Chiropractic Education and Radiography Best Practices

ACA’s Choosing Wisely recommendations are consistent with X-ray guidance in today’s classroom and trusted texts.

In the past year, many chiropractors have discussed indications for radiographic examination with renewed interest. In particular, they have questioned the X-ray recommendations of the Choosing Wisely initiative, a project of the American Board of Internal Medicine that seeks to promote more effective use of healthcare resources. The recommendations are hardly revolutionary, and well in line with current radiology education. In my own final radiology classes, professors emphasized that what we learned was only the foundation of what we would need in practice, and a mere fraction of what our peers would learn should they choose to become chiropractic radiologists. The recommendations in Choosing Wisely are shorthand for what we already know. 

Thursday, October 11, 2018/Author: Brendan McCann, DC/Number of views (242)/Comments (1)/ Article rating: 5.0

Choosing Wisely: Separating Facts from Fears

It has been just over a year since many in the chiropractic profession first learned that the American Chiropractic Association (ACA) joined more than 80 medical specialty society partners to participate in an initiative that is sponsored by the American Board of Internal Medicine Foundation. This initiative’s mission is to “promote conversations between clinicians and patients by helping patients choose care that is supported by evidence, not duplicative of other tests or procedures already received, free from harm, and truly necessary.” It is called the Choosing Wisely campaign1 and it has generated more spirited discussion among doctors of chiropractic than I can recall since release of the Mercy Conference Proceedings in 1993.

Friday, September 07, 2018/Author: Christine Goertz/Number of views (572)/Comments (0)/ Article rating: 4.0

Summer Shaping Up to Be Time of Change in Health Policy

Proposal, Final Rule and Other Initiatives Aim to Reshape Medicare and Affordable Care Act

http://www.twitter.com/acaonthehillSummer is often a time in Washington where the business of government seems to slow down as everyone starts to look forward to the August recess and dreads the oncoming heat and humidity.  However, this year is a change from years past, as not only has Washington pretty much been spared oppressive temperatures, but the Senate has decided to stick around most of August and the Trump Administration has issued a proposal, and a final regulation, that could very well shape healthcare policy for years to come.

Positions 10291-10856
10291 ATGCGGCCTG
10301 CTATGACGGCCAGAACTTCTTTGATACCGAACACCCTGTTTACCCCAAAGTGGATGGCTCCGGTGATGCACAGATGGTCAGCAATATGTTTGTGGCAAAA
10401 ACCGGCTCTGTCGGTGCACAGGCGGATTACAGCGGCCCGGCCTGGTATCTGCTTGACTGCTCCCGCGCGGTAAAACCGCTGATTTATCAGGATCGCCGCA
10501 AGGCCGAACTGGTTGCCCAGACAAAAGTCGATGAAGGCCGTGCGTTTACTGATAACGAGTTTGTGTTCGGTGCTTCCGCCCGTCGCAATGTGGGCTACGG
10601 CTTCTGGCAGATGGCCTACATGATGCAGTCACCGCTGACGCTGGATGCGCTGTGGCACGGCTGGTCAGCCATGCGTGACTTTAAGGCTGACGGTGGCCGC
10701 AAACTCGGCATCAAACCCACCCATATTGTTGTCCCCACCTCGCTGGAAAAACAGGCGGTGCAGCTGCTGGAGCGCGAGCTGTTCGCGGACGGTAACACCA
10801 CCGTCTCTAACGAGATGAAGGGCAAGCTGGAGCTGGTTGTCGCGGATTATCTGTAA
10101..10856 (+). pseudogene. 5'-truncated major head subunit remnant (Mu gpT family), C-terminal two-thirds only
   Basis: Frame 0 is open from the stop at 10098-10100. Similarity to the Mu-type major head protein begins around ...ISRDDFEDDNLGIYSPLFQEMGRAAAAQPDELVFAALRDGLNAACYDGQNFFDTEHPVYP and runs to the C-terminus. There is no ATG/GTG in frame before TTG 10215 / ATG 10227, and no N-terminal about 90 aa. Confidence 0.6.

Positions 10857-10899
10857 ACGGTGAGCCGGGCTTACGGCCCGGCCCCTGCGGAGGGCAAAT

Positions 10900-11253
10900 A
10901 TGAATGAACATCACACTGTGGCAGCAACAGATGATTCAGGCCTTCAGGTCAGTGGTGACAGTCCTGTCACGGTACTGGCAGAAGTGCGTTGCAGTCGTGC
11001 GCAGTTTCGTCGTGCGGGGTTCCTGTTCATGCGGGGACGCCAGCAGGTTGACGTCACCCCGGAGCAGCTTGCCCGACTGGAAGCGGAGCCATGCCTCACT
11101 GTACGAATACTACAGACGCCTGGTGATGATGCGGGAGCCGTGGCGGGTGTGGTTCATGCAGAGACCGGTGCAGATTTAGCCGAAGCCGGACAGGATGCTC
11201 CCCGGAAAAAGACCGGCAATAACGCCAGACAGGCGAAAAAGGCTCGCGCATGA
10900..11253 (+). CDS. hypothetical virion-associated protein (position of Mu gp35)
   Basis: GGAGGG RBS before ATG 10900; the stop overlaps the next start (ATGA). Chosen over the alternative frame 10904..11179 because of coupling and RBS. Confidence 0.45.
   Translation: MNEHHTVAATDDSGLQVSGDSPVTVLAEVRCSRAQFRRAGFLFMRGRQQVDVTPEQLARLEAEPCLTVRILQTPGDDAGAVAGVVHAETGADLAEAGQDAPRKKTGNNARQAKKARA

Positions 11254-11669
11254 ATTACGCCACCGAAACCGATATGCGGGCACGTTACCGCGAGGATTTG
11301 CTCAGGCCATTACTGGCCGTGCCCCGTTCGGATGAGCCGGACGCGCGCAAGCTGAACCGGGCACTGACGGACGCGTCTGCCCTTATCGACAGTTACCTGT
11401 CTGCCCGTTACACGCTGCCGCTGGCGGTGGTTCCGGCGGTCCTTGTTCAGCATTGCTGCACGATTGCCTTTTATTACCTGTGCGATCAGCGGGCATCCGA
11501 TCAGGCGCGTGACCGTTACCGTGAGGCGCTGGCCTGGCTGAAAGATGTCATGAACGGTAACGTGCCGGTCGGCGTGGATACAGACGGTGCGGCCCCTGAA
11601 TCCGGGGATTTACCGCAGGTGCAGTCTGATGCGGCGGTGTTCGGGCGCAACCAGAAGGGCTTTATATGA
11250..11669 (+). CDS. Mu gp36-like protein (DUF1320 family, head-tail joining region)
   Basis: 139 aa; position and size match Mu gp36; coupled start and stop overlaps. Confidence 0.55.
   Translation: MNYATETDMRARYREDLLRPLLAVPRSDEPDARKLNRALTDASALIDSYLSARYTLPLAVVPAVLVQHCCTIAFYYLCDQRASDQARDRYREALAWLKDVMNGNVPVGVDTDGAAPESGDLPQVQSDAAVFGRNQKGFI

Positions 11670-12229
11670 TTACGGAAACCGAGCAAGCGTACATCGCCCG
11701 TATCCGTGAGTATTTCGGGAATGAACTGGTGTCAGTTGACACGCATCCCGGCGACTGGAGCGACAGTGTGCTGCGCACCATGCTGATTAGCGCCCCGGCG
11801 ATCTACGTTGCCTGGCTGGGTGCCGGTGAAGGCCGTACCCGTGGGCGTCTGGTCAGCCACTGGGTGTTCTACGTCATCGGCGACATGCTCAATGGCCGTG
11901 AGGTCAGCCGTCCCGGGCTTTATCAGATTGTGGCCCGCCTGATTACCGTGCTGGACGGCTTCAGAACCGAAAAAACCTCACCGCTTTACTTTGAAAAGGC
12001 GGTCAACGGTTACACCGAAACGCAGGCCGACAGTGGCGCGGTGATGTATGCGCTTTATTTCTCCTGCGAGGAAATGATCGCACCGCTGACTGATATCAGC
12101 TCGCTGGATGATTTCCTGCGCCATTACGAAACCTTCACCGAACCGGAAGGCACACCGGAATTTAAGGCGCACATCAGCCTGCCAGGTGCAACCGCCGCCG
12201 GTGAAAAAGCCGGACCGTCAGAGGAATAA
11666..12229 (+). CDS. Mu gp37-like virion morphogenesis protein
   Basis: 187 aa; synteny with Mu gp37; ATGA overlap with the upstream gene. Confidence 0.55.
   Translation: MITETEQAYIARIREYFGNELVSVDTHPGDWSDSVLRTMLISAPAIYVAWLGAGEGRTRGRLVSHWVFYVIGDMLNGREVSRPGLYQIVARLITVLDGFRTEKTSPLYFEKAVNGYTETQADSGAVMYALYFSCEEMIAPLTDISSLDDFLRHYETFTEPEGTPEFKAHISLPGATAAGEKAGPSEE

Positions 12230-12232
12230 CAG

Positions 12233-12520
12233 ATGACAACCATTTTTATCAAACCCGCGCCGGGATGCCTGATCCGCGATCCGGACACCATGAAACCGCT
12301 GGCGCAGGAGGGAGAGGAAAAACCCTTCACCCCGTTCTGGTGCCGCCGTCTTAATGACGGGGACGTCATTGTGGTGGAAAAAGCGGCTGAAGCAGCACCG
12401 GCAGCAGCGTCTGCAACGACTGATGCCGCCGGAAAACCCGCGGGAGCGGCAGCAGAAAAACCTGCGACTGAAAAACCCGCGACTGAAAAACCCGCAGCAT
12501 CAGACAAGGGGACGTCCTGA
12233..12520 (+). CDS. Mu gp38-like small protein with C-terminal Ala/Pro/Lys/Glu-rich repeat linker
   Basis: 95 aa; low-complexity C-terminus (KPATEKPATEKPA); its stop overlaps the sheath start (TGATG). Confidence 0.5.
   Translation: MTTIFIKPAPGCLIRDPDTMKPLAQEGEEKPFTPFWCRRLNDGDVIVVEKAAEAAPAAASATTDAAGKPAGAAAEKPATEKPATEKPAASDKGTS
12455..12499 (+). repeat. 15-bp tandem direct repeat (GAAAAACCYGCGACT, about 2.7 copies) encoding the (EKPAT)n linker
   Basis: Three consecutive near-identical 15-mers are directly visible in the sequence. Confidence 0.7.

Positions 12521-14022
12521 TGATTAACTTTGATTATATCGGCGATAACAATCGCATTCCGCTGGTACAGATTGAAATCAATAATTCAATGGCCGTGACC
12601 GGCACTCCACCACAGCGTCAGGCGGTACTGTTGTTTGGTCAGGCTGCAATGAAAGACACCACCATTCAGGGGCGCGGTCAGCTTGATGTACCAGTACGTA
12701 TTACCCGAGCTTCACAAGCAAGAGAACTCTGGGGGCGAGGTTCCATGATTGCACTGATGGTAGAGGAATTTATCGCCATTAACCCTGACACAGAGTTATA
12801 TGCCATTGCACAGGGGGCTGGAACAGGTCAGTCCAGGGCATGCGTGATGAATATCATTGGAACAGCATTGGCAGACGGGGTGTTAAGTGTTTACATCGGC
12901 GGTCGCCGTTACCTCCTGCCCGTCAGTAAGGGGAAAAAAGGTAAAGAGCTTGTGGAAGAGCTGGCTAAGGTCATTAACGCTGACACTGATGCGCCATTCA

Wednesday, August 08, 2018/Author: John Falardeau/Number of views (467)/Comments (0)/ Article rating: No rating

New Rule on AHPs Could Lead To a ‘Race to the Bottom’ Market for Health Plans

On June 19, the U.S. Department of Labor released a long-awaited final rule expanding the availability of alternative insurance plans that do not need to meet the 2010 Affordable Care Act’s benefit requirements.  The rule was handed down despite deep concerns from consumer advocates, state officials and physician groups, including the American Chiropractic Association (ACA). The rule will extend so-called “association health plans,” which allow insurance companies to skirt benefit requirements and other parts of the 2010 law.

Friday, June 22, 2018/Author: John Falardeau/Number of views (1320)/Comments (0)/ Article rating: 4.5

Social Security: Understand Your Options, Plan Properly to Access Benefits

Social Security was enacted in 1935. The program is officially known as the Old Age, Survivors and Disability Insurance program (OASDI). After earning 40 quarters, an individual at retirement age is eligible to begin collecting a benefit. Retirement benefits depend on your age at retirement. If you begin receiving benefits before your normal or full retirement age (FRA), you'll receive a reduced benefit. Four out of five future retirees agree that the Social Security system needs change. Many are fearful that benefits will be reduced and are unaware of the basics regarding their eligibility, participation and the monetary benefits of their Social Security profile. Sadly, 55 percent believe that Social Security will be their primary source of income in retirement.

Wednesday, June 20, 2018/Author: H. William Wolfson/Number of views (595)/Comments (1)/ Article rating: No rating
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